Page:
Continuous Journey Regulation, 1908


The continuous journey regulation required prospective immigrants to travel to Canada by continuous journey from the country of which they were natives or citizens on a through ticket purchased in that country. Since there was no direct steamship service between India and Canada at this time, the regulation effectively blocked Indian immigration. It also led to a decline in Japanese immigration to Canada by closing off the primary immigration route through Hawaii.

The “continuous journey regulation” was as an amendment to the Immigration Act in 1908, prohibiting the landing of any immigrant that did not come to Canada by continuous journey from the country of which they were natives or citizens. Immigrants were required to purchase a through ticket to Canada from their country of origin or otherwise be denied entry. In practice, this regulation primarily affected immigrants from India and Japan since the main immigration routes from those countries did not offer direct passage to Canada.

The government enacted this legislation in response to a report submitted by Deputy Minister of Labour William Lyon Mackenzie King investigating an influx of Asian labourers in Canada. In 1907, a large number of Japanese immigrants arrived in Canada to work as contract labourers for Canadian corporations. The increase in Japanese immigration intensified anti-Asian sentiment on Canada’s West Coast. A rally organized by the Asiatic Exclusion League in Vancouver in 1907 escalated into a riot as thousands of people began to terrorize Chinese and Japanese residents of the city and destroy their property.[1] Following the Vancouver Riot, the Canadian government negotiated an agreement with Japan to limit the number of Japanese immigrants arriving in Canada. However, this arrangement did not apply to Japanese immigrants travelling to Canada via Hawaii; at this time, more than 50% of permanent Japanese immigrants to Canada arrived through Hawaii.[2] Mackenzie King recommended that the government ban immigration by way of Hawaii in order to pacify growing anti-Asian sentiment.[3]

Mackenzie King’s report additionally recommended restricting immigration from India. King noted that many East Indians in Canada were unemployed and impoverished, attributing their circumstances to an incompatibility with the Canadian climate and way of life. However, specific exclusion of Indian immigrants based on their citizenship was impracticable because of their status as British subjects.[4]

The continuous journey regulation allowed the government to restrict both Indian and Japanese immigration without specifying exclusion on the basis of race, nationality or ethnic origins. Canadian Pacific was the only shipping company offering direct steamship service from India to Canada, but following the passage of the regulation, the government prohibited the sale of through tickets to Canada.[5] The regulation also successfully closed off the Hawaiian route for Japanese immigration.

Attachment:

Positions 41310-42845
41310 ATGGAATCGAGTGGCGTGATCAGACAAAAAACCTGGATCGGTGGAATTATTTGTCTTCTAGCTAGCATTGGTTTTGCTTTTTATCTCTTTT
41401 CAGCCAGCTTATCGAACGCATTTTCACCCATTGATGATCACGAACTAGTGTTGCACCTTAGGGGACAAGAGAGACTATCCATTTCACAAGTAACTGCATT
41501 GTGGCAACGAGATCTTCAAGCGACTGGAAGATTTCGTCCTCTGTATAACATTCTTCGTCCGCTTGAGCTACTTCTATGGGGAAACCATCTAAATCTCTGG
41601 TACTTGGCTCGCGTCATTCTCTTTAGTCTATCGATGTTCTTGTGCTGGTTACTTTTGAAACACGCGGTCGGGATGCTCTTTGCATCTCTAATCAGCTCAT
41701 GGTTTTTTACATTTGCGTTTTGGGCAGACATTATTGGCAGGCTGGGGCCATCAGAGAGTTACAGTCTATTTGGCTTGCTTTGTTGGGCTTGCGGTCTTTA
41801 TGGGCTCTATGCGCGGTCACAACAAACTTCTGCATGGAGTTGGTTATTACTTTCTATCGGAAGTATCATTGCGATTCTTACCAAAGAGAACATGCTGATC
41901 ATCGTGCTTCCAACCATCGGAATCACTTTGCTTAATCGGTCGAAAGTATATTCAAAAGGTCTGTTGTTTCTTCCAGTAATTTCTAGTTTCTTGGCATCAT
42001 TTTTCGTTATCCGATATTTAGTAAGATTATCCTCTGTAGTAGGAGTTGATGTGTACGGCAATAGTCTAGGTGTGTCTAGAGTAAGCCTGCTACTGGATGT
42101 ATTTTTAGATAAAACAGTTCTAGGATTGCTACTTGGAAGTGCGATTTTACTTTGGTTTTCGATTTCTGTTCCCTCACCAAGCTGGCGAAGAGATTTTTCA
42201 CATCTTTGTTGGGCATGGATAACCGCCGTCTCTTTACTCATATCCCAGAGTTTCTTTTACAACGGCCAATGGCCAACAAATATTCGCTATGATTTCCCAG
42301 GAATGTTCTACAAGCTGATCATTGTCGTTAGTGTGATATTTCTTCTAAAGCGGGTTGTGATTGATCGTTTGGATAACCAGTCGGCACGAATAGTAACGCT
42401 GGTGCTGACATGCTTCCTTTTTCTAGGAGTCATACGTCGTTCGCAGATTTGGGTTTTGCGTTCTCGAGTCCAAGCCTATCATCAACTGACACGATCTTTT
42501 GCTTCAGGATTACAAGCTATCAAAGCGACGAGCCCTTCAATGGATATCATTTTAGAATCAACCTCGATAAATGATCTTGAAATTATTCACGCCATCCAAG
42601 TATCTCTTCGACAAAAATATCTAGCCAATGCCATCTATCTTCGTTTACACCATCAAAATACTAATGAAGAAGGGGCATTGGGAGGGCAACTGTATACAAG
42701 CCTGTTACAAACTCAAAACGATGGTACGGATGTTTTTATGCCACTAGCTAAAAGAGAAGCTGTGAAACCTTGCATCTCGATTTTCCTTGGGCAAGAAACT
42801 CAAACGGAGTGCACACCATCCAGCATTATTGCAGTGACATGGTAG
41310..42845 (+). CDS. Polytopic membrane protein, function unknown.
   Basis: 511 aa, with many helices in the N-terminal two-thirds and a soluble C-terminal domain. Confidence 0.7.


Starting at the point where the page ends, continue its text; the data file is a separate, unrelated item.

The regulation was challenged on a number of occasions, most significantly in 1914 when wealthy Sikh merchant Gurdit Singh chartered the Komagata Maru to sail to Vancouver with 376 prospective East Indian immigrants. The ship arrived at the Vancouver harbour on May 23 and remained there for two months while the legality of the continuous journey regulation was challenged in provincial court. The Supreme Court of British Columbia upheld the legislation and the Komagata Maru was escorted out of the harbour on 23 July 1914.[6] Between 1910 and 1920, only 112 Indian immigrants gained entry into Canada.[7]

Library and Archives Canada. Statutes of Canada. An Act to Amend the Immigration Act, 1908. Ottawa: SC 7-8 Edward VII, Chapter 33

  1. Peter Ward, White Canada Forever: Popular Attitudes and Public Policy Toward Orientals in British Columbia (Montreal: McGill-Queen’s University Press, 1978), 65-70.
  2. Ninette Kelley and Michael Trebilcock, The Making of the Mosaic: A History of Canadian Immigration Policy (Toronto: University of Toronto Press, 1998), 147-148.
  3. Kelley and Trebilcock, 145-146.
  4. Kelley and Trebilcock, 147.
  5. Kelley and Trebilcock, 148.
  6. Valerie Knowles, Strangers at Our Gates: Canadian Immigration and Immigration Policy, 1540-1997 (Toronto: Dundurn Press, 1997), 93.
  7. Hugh Johnston, The East Indians in Canada (Ottawa: Canadian Historical Association, 1984), 7.